In this introductory course to the VAF Studio Certificate, students will use techniques to build skills for 'seeing' in conjunction with basic techniques and methods of representational drawing with dry media. As these versatile techniques will enable the artist to utilize any type of subject matter, in class studies will include landscape, still life, botanical forms, manufactured objects and the human figure. Studies will include use of line, value, proportion, movement and texture, for the purpose of representing three-dimensional forms on the two dimensional plane.
Continued studies in representation and realism will accompany an introduction to abstraction from observed subjects such as landscapes, life model, and found objects using such strategies as distortion, exaggeration, simplification, repetition and rearranging of observed aspects of the subject. Non-representational and expressive matters will also be explored in relation to the properties of the drawing materials, now expanded to include an introduction to inks and watercolour. Foundation material covered in Drawing - Tools and Techniques I provides the platform for line studies using wet media: contour types, gesture, controlled, expressive, texture generations etc. Students will also begin to apply strategies for layering in the drawing process.
Practicing artists can choose from many different paths to advance their personal and artistic goals in artistic practice, education, presentation skills, and promotion and marketing as entrepreneurs. Each student will establish their own specific focus for continuing their artist's practice. In class sessions will involve online research, writing, digital photography, presentation, and critical discussion. Pre-course assignment work will provide the data for artist documents and digital images of their work for the development of a portfolio. Students will show their work in an established campus venue as a culmination to their certificate program experience. Certificate students who have already completed the first two semesters of the Visual and Creative Arts Diploma Program will complete this course mainly as independent review and revision of their portfolio and artists documents in collaboration with faculty.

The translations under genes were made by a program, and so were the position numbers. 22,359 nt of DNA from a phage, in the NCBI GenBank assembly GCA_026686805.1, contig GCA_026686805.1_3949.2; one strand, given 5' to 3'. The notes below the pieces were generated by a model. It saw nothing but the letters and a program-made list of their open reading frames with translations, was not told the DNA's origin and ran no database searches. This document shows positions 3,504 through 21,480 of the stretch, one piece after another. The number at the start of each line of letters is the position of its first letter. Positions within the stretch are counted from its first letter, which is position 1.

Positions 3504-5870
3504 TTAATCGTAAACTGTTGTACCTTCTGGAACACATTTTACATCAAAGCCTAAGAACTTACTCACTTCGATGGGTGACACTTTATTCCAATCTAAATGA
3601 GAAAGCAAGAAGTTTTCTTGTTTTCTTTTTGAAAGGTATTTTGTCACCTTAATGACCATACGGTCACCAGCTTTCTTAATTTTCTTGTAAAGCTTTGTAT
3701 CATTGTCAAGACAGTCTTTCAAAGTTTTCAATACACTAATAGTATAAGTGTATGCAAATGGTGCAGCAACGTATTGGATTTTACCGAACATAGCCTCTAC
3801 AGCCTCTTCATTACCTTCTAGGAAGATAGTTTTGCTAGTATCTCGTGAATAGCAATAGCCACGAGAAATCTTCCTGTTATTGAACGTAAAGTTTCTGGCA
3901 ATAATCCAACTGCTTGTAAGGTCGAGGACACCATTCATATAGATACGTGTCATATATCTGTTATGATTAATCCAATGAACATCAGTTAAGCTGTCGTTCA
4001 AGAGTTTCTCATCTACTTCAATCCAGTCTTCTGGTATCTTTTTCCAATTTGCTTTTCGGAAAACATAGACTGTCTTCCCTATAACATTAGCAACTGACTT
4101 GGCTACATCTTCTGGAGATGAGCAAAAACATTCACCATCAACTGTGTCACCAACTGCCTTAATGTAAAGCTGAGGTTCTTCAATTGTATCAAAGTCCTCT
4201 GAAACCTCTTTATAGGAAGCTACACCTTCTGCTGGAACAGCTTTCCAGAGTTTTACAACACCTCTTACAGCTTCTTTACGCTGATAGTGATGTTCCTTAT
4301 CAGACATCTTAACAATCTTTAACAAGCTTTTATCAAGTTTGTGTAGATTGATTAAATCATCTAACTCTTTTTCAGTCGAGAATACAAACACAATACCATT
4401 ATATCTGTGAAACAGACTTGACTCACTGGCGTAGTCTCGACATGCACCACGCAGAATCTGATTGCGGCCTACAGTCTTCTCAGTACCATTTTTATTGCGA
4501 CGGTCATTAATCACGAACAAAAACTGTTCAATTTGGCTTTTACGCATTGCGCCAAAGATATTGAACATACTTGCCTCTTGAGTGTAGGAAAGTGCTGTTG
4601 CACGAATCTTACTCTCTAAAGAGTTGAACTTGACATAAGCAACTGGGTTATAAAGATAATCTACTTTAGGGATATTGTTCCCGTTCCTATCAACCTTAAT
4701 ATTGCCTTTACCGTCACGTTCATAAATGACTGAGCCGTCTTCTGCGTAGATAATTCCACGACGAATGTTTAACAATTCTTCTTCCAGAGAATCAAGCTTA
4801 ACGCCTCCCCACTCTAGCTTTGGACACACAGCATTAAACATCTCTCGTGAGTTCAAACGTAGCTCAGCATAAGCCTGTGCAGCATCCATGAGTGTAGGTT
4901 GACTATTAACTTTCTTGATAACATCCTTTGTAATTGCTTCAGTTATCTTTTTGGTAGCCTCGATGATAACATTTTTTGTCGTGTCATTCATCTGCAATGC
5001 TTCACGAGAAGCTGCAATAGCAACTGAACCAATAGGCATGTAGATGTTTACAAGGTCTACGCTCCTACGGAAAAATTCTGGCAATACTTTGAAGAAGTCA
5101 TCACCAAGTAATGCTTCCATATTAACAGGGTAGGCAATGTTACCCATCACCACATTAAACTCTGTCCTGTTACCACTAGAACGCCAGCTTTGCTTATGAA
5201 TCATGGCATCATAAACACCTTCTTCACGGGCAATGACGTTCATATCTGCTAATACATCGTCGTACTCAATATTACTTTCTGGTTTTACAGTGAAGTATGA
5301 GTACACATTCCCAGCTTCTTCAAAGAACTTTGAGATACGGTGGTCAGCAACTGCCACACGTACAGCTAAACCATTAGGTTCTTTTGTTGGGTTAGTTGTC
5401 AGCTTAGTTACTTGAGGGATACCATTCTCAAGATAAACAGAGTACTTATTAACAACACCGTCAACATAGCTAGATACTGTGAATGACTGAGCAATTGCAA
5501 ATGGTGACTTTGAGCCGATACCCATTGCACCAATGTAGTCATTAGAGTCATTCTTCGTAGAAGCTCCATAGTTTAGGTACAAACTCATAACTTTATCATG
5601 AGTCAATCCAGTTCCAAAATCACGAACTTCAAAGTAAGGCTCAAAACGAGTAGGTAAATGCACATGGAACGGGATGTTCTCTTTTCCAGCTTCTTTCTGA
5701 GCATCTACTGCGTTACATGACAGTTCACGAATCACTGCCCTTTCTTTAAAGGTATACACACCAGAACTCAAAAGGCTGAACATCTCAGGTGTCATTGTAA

In this course students will progressively build practical relations and applications of watercolour and thin acrylic media techniques. They will use this experience to explore intermixing water based media. A wide variety of traditional tools and techniques to depict different subject matter and backgrounds will be studied through studio exercises. The need for practice of techniques and managing paint will be emphasized throughout the course. Students will study the composition of paints and the structure of brushes and supports.
Students will continue to expand skills from using basic transparent washes to increased densities, as well as begin testing of oil media. The properties and applications of other paint media such as encaustic, egg tempera, gouache, water soluble oils and fresco will be introduced through demonstrations, research and presentation.
Choosing from all that they have tested and sampled in the program so far, students will execute a group of small works in drawing and painting media. Focusing on the layering of the 2D surface, students might employ techniques and tools from both painting and drawing. The assignment will be planned in collaboration with faculty. The focus of assessment will not be project work but will be on the students' efforts in establishment of a starting point, maintenance of professional work ethic, volume of product/attempts, and specific realizations and reflections on this Studio experience.